Nami’s secret is revealed partway through the book. As a child, she witnessed the death of her mother when the fishman pirates invaded her village. Shortly after, Nami allied herself with the fishman pirates. She turned herself into a money-grubbing master thief and welcomed the scorn of her village in an attempt to rescue the village from the pirates. She got Arlong’s mark tattooed on her shoulder, forever marking her as an outlaw and traitor. All she has to do is raise one hundred million berries to purchase her village from Arlong.

When Arlong tips off a corrupt Marine captain to her loot, setting her back to zero and keeping her services for the foreseeable future, her entire plan falls apart. When the villagers reveal that they knew what she was doing all along, and simply played along to protect her, her heart basically breaks. And then this:



Of course, this isn’t exactly the same as Unforgiven. What follows isn’t cruelty so much as a typical shonen fight. But, in the context of the series, it’s a big deal. Nami plays her cards close to her chest, and has shown herself to be self sufficient. When she finally comes up against something bigger than herself, she’s got to ask for help. And of course, there was never any doubt that her friends, the people who refuse to desert her, have her back.

This is part of what makes One Piece so enjoyable. While some fights are simply of the “Wouldn’t it be funny if a dude with three swords fought the greatest swordsman in the world?” or “What if a cook fought an angel?”, the majority of the fights have some emotional component that makes them click along. Usually, it’s for a good cause. Sometimes, it’s in support of a friendship that has been built and nurtured over several volumes or chapters.

One Piece is a typical shonen manga in a lot of ways. The hero fights because it’s the right thing to do and to protect his friends. While it’s relatively low on the Enemies Turned Into Friends scale (there is one definite, and a couple who feigned friendship to escape from somewhere), all of the fights are carefully positioned so that the hero is completely in the right, and will overcome at the end by displaying better spirit or developing a new move on the fly.

At the same time, though, One Piece has a lot of heart, and that’s what makes it work. Oda uses bits like this, interspersed with the regular comedic antics of the cast, to fill fights with importance and up the stakes without going for the cheap or gratuitous scare.

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18 comments to “Unforgiven, One Piece, and Suspended Expectations”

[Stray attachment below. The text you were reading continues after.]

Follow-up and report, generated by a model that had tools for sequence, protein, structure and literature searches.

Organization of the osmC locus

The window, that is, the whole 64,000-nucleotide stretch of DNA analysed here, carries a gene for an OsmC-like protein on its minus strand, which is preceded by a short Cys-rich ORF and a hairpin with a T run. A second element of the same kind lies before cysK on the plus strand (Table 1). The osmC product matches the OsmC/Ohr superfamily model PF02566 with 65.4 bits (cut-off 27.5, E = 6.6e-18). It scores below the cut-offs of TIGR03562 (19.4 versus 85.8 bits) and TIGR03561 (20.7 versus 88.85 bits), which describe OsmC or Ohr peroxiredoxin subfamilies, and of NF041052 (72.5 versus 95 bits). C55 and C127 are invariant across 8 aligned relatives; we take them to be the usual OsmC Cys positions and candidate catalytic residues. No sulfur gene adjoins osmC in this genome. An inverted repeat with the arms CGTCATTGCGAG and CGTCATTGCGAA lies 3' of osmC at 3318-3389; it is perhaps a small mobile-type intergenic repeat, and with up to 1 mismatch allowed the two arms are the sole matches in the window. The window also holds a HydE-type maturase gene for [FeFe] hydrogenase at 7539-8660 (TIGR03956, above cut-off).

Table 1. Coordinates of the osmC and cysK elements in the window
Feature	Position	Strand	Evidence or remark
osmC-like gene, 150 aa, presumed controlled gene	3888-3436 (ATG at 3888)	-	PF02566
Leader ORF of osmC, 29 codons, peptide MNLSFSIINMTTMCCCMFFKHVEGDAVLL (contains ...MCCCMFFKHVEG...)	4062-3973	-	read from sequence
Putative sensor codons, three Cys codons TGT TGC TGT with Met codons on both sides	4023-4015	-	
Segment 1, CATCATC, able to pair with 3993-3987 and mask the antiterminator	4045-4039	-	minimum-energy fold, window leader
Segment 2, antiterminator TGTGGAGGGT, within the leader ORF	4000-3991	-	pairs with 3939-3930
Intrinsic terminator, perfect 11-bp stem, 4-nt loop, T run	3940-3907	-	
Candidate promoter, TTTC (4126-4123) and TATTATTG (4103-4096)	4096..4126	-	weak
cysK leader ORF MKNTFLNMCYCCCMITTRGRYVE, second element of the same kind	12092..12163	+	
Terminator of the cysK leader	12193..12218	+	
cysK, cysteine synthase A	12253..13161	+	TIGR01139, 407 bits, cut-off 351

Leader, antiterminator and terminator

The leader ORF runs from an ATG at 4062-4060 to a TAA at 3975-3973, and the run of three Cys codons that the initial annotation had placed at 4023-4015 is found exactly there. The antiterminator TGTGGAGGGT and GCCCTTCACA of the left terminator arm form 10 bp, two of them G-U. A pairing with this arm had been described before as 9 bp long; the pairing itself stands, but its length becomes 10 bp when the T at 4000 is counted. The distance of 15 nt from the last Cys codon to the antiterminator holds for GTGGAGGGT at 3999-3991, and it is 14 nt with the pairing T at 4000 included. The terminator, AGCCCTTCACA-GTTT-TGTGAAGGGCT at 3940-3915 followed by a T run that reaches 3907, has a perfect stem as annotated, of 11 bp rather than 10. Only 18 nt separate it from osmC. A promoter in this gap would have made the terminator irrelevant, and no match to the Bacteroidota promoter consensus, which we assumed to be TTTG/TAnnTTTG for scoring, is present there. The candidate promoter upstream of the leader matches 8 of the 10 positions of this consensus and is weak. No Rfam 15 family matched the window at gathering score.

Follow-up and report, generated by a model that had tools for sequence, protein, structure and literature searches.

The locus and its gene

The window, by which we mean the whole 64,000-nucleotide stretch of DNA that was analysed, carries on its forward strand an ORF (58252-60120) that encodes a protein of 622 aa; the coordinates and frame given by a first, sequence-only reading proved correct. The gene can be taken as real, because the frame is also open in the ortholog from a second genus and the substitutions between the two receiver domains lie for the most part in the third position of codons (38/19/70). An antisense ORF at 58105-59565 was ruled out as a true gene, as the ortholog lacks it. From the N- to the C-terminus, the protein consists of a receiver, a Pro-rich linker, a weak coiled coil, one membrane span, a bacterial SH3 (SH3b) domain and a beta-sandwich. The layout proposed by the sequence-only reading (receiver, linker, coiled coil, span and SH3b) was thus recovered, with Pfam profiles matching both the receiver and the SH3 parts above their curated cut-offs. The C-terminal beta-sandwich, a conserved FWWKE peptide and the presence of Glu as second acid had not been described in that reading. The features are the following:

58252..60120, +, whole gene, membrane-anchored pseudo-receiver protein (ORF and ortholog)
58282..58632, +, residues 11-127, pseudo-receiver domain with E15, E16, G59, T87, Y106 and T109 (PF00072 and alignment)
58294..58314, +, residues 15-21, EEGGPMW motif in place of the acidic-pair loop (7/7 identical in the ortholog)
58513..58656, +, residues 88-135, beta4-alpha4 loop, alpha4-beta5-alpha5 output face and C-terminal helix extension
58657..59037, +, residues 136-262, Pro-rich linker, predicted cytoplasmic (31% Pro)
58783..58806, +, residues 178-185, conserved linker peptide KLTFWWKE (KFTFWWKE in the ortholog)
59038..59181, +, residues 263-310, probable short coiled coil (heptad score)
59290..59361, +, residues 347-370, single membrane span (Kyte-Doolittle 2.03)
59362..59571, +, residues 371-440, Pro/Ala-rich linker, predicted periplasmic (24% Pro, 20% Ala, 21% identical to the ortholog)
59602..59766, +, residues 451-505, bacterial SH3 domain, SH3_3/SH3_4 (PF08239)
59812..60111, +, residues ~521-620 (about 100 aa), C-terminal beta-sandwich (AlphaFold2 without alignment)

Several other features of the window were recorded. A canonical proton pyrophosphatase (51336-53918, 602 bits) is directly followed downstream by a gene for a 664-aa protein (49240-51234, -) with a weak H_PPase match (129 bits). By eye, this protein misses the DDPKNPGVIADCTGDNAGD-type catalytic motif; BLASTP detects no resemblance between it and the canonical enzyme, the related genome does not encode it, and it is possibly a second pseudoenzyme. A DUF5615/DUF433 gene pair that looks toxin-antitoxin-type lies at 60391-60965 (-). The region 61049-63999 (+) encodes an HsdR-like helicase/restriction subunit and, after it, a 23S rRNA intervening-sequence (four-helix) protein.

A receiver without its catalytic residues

1. I know you dislike Millar but I think it’s not totally like Unforgiven is because it’s also influenced by Easy Rider, very much so. So far I’ve liked all of Millar’s Wolverine stories. Also I love One Piece thanks to you, but I still think Naruto has a more complex character motivations.


  2. @Julian Lytle: … compare the Summit War from OP (when it gets legally distributed of course) and compare with current Naruto


  3. also like how no villain is truly EVIL, simply lost their way at a certain point.

    Recent developments also explain a lot why Arlong was so cruel. Doesn’t excuse him, but the set up is there and not shoved in our faces


  4. @Julian Lytle: Complexity of motivations doesn’t equate to quality, though. Chris Claremont turned the X-Men franchise into a quagmire of relationships (and the ’90s made it worse), Batman had very complex relationships with his subordinates back during No Man’s Land/War Games/Murderer/etc, but neither of those were truly good. OP has complexity, but not to the point where it feeds upon itself and kills the series.


  5. Enjoying those SA Avengers templates I see…


  6. Glad to see the “I am an Avenger” Meme hasn’t entirely died off yet. :P


  7. Ah, One Piece. Such an amazing manga. I got tired of manga and anime, save for it. I still follow it reiligiously every week, and it never fails to surprise and entertain me. Eiichiro Oda clearly loves his characters and puts so much effort into their emotions and personalities, we can feel them as friends. His villains are not “just evil” villains. His plots are not just tournaments of strength. And the series has a balance of emotions, from sadness to happyness, from campyness to badassness, it feels like a hell of a rollercoaster ride!